OTOH you may be able to set F1 equal to F2 (or vice versa depending on the last frequency transition direction) mid-symbol then flip the FSK input when; you need to exchange F1 and F2 to shift down or up (depending on the last frequency transition direction) to a new frequency for the next transition. That way you can do arbitrary frequency transitions while always keeping F1 lower than F2.

73
Bill
G4WJS.



Kenneth Williams
 

OK, I do see that but I see nothing that says F1 has to be the initial frequency, talking only about ramped-FSK mode because, per the datasheet:

The purpose of ramped FSK is to provide better bandwidth
containment than can be achieved using traditional FSK.

Going back to my second comment in the thread, and without actually working out the details, I have to believe that the process of sending out a stream of symbols with both upshift and downshift of frequencies must be possible with the mechanisms in this device (ramped FSK of course) otherwise the stuff in this chip would not have much value.

Yes?

Ken
KC6PUQ


On Tue, Mar 16, 2021 at 2:04 PM Bill Somerville <g4wjs@...> wrote:
Hi Ken,

that device requires the F1 register be the lower frequency when using *ramped-FSK* mode, in non-ramped FSK mode the two registers may be either higher or lower than each other. The ramp from F1 to F2 or F2 to F1 depends on the last change of the FSK input pin.

73
Bill
G4WJS.

On 16/03/2021 20:53, Kenneth Williams wrote:
Hi folks.  I am jumping in because this looks interesting and may be something I want to look at more closely.. I want to comment that I am not clear on the understanding of F1/F2 as expressed in this thread.  I do not see anything in the datasheet that says F1 is the starting frequency and F2 is the end.  From what I see, either F1 or F2 can be that starting frequency. (example in figs 34, 35).

Thanks in advance for educating me.

Ken
KC6PUQ

On Tue, Mar 16, 2021 at 4:28 AM Bill Somerville <g4wjs@...> wrote:
On 16/03/2021 11:16, Bill Somerville wrote:
On 16/03/2021 11:04, Bill Somerville wrote:
On 16/03/2021 10:58, Andy TALBOT wrote:
OK, I now understand the process and can see a way forward in a PIC, sampling at a rate perhaps 32 or 64 times that of the symbol period
From the look of the curves for BT=1 and BT=2, at any one time only the contribution from two pulses need be taken into account.  The contribution from pulses further away are too small to contribute when using a table-based approach to generating the GFSK waveform.

The next stage, when time permits,  is to write some code for a PIC that will sample at 32 or 64 times symbol rate, which is less than 1kHz even for the fastest FST15 mode, then send the results to a 48 bit DDS.
 It needs to be a 48 bit device - I use the AD9852 - as a normal 32 bit one is too coarse to give the correct increments at the slowest modes.

If I'm using contributions from two adjacent symbols, the curve stored in the table need only cover half the entire shape as the second half is a mirror image.  That will possibly,simplify the table lookup process.    I'll be using an 8 bit table, so frequency during the shift  will be quantised and I don't have the mathematical nous to calculate the effect that may have on spurii.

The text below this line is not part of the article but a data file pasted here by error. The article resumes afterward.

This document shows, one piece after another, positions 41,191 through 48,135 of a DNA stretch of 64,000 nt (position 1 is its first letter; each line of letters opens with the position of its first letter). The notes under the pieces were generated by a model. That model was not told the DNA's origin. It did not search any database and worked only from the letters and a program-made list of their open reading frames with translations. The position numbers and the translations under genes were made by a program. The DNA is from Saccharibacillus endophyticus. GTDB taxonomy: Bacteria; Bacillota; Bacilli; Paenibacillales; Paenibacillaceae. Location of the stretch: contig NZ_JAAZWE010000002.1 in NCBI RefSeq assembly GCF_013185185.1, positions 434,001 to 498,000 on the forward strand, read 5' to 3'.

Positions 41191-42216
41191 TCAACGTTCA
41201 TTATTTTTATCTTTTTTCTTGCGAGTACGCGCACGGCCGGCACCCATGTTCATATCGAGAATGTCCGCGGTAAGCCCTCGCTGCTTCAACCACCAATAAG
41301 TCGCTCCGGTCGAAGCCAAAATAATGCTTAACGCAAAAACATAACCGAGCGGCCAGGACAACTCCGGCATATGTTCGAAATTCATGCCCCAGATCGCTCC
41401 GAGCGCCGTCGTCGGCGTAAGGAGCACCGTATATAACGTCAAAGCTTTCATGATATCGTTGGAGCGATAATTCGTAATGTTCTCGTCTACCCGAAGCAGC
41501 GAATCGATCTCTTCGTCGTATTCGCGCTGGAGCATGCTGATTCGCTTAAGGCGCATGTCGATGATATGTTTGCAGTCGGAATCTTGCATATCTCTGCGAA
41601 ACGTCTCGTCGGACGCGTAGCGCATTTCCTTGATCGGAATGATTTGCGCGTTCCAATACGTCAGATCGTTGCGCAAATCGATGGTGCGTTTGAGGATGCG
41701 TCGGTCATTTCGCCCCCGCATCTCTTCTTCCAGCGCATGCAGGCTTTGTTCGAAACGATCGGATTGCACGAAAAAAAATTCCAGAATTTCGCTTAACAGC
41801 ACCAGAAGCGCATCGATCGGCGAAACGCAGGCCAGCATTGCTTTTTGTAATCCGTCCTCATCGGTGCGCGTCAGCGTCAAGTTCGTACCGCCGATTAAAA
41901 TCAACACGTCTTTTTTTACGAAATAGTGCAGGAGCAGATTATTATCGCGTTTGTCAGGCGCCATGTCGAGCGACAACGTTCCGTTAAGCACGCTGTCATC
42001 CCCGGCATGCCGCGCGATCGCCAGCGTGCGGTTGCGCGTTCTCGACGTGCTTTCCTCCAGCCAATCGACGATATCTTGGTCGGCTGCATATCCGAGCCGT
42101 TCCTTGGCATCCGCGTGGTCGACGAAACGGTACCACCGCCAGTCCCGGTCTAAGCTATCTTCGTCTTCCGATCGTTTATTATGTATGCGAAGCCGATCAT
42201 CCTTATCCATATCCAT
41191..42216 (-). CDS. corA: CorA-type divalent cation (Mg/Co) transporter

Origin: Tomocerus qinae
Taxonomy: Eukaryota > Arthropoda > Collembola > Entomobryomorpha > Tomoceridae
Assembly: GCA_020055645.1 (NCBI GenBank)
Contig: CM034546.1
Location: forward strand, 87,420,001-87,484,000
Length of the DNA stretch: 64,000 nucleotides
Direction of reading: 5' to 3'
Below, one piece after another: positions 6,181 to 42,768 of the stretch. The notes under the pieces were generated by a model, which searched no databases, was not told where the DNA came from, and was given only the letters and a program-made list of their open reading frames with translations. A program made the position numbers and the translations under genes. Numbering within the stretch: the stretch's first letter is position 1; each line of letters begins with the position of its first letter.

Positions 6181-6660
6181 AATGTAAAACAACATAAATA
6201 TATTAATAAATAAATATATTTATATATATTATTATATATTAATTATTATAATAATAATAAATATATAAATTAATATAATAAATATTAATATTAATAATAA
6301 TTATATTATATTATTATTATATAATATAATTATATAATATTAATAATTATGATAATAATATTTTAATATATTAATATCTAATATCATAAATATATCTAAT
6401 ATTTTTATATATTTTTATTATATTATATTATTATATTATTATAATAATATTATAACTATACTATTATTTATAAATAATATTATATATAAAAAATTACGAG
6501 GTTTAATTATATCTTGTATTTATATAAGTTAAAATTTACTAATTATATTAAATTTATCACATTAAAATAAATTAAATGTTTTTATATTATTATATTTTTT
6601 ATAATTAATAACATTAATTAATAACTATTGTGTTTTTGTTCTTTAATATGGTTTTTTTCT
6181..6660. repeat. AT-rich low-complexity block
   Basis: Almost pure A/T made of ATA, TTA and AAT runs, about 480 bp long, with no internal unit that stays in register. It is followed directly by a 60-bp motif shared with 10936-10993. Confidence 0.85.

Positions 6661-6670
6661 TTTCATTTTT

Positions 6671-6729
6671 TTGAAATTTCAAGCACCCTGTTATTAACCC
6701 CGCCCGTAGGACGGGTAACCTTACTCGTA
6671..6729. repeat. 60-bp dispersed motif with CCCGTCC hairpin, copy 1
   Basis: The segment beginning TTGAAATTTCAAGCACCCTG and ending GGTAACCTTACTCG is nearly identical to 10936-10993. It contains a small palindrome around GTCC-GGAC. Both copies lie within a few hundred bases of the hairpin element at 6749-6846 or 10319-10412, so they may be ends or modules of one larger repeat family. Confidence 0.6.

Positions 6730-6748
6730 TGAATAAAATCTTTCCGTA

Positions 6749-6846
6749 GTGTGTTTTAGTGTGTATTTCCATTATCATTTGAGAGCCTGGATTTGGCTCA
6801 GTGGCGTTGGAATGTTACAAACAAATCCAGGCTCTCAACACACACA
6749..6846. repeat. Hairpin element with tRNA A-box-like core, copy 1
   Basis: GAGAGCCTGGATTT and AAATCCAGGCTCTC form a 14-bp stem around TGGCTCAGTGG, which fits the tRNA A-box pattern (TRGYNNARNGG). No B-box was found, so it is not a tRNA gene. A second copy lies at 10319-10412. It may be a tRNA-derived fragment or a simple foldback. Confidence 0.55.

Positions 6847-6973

Andy   G4JNT

Hi Andy,

the AD9852 appears to directly support smoothed FSK transitions using what it calls ramped-FSK, I would have though that is a better approach that will avoid possibly noisy small frequency steps between symbols. The data sheet says that even though the ramp function is linear, it may be adjusted on the fly for more complex transitions.

73
Bill
G4WJS.

Hi Andy,

having suggested that, I am not sure how feasible it would be to generate ramped-MFSK using the FSK capabilities of that DDS since you cannot ensure that F1 is always lower than F2 without sometimes having to change either F1 or F2 while it is being used by the DDS. I say this because ramped-FSK has a requirement that F1 always be lower than F2. Perhaps it is a non-starter :(

73
Bill
G4WJS.

Hi Andy,

OTOH you may be able to set F1 equal to F2 (or vice versa depending on the last frequency transition direction) mid-symbol then flip the FSK input when; you need to exchange F1 and F2 to shift down or up (depending on the last frequency transition direction) to a new frequency for the next transition. That way you can do arbitrary frequency transitions while always keeping F1 lower than F2.

73
Bill
G4WJS.






Kenneth Williams
 

One more time and then I will go away for a while.

Looking more closely, it is looking like this really is meant to perform just two-tone FSK.  Lower F in F1 and higher F in F2 and toggle the FSK signal to select the frequency.

Goodbye for a while

Ken
KC6PUQ


Andy TALBOT
 

The ramping in the AD9852 is a linear sweep.   That used for FST4 is Gaussian shaped  Having worked put how to do a proper shaped one, reverting to a linear ramp just because the chip can do it itself is a cop-out.  

The 9852 is rather long in the tooth now, may be worth looking for an improved DDS, although 48 bit ones are rarer.


Virus-free. www.avg.com


Bill Somerville
 

Hi Ken,